The court concluded otherwise. A critical difference, noted the judge, is that a GPS device tracks every single movement of the automobile (and hence the suspect). The functional equivalent in the non-tech world, the court reasoned, would require "millions of additional police officers, and cameras on every street lamp." (Since that decision was rendered, appellate courts in the US have delivered opinions on the issue. In one case, the appellate court ruled that the police required a warrant to attach a GPS tracking device to the defendant's car while another came to the opposite conclusion.)
The Supreme Court of Canada, as early as 1992, mused about a world where devices could track all of a person’s movements all the time without visual surveillance. Now that that world has arrived, it will be interesting to see how courts, both in Canada and abroad, apply search and seizure law to this new LBS environment, and specifically whether they ultimately will require court-approved warrants for certain types of location-based information.
Is Your Location Private?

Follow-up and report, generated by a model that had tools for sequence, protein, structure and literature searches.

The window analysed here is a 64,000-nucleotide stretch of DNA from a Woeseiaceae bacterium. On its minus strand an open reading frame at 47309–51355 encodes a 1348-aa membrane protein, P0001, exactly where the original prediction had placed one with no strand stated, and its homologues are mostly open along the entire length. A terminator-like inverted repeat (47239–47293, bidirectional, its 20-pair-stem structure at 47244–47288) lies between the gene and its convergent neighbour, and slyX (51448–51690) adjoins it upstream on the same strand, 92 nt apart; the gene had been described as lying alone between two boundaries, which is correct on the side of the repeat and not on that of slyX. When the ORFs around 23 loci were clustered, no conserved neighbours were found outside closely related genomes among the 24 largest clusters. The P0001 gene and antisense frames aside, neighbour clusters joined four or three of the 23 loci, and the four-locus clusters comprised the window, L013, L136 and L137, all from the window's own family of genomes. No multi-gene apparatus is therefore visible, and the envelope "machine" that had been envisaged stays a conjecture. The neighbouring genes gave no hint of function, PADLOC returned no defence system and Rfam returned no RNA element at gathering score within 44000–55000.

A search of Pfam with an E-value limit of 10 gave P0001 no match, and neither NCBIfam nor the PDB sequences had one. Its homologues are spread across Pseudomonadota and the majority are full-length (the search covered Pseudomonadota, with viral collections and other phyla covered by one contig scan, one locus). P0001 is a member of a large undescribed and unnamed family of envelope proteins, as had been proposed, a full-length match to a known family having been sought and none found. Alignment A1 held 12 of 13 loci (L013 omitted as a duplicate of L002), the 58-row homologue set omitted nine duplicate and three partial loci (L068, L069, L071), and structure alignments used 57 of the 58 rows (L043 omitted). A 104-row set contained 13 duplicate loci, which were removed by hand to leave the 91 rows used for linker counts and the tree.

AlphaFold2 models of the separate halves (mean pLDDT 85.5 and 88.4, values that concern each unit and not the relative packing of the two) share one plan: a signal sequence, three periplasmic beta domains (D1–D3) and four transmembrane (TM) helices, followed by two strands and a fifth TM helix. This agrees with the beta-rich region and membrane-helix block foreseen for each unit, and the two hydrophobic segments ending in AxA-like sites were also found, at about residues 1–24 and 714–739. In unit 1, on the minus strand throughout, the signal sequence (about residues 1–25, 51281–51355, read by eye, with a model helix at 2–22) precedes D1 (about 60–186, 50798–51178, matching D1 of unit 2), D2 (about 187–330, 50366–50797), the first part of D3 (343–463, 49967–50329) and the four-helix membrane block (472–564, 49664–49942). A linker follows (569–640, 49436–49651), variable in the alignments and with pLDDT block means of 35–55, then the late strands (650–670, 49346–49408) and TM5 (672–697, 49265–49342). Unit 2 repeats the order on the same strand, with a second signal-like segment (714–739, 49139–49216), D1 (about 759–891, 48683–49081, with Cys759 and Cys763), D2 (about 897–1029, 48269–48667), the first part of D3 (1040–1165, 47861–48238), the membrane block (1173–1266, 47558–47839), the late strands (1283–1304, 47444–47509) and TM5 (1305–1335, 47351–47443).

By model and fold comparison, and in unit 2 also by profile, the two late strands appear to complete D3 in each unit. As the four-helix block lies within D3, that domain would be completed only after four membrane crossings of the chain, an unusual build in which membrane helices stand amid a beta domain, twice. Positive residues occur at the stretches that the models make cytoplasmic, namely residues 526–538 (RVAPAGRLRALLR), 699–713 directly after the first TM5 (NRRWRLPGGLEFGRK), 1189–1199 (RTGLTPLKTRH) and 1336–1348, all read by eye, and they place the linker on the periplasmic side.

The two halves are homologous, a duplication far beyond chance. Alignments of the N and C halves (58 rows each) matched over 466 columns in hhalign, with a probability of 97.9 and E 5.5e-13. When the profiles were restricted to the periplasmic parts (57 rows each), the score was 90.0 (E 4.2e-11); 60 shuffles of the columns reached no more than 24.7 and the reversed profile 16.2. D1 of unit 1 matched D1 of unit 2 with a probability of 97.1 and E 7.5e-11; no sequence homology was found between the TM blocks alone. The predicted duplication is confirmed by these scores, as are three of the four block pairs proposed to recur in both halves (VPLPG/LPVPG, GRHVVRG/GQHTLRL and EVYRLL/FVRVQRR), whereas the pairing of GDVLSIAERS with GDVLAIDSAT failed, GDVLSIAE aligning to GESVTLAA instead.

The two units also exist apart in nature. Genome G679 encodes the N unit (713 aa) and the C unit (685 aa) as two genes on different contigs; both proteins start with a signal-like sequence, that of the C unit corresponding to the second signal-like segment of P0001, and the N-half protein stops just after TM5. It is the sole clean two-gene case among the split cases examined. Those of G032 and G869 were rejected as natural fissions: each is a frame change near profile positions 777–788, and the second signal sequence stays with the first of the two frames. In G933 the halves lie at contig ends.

As the courts work through these issues, one core question will be whether a person should have a reasonable expectation of privacy in their location-oriented data. Some will argue that location does not encompass the "core biographical information" that traditionally attracts Charter protection for warrant-based searches.
On the other hand, while your presence at the local coffee shop may not seem very revealing of your personal information (unless the café is in Paris, and you’d prefer that information not get into the hands of would-be thieves), what if it can also be determined that your assistant from work is also at the same coffee shop, and that the two of you have been meeting there each day for the past two weeks. And what if the coffee shop is in a hotel? Would your spouse be interested in this information?
Or would your employer be interested in the fact that every Tuesday you attend a psychiatric clinic? Or that recently you attended a meeting of the Marijuana Party?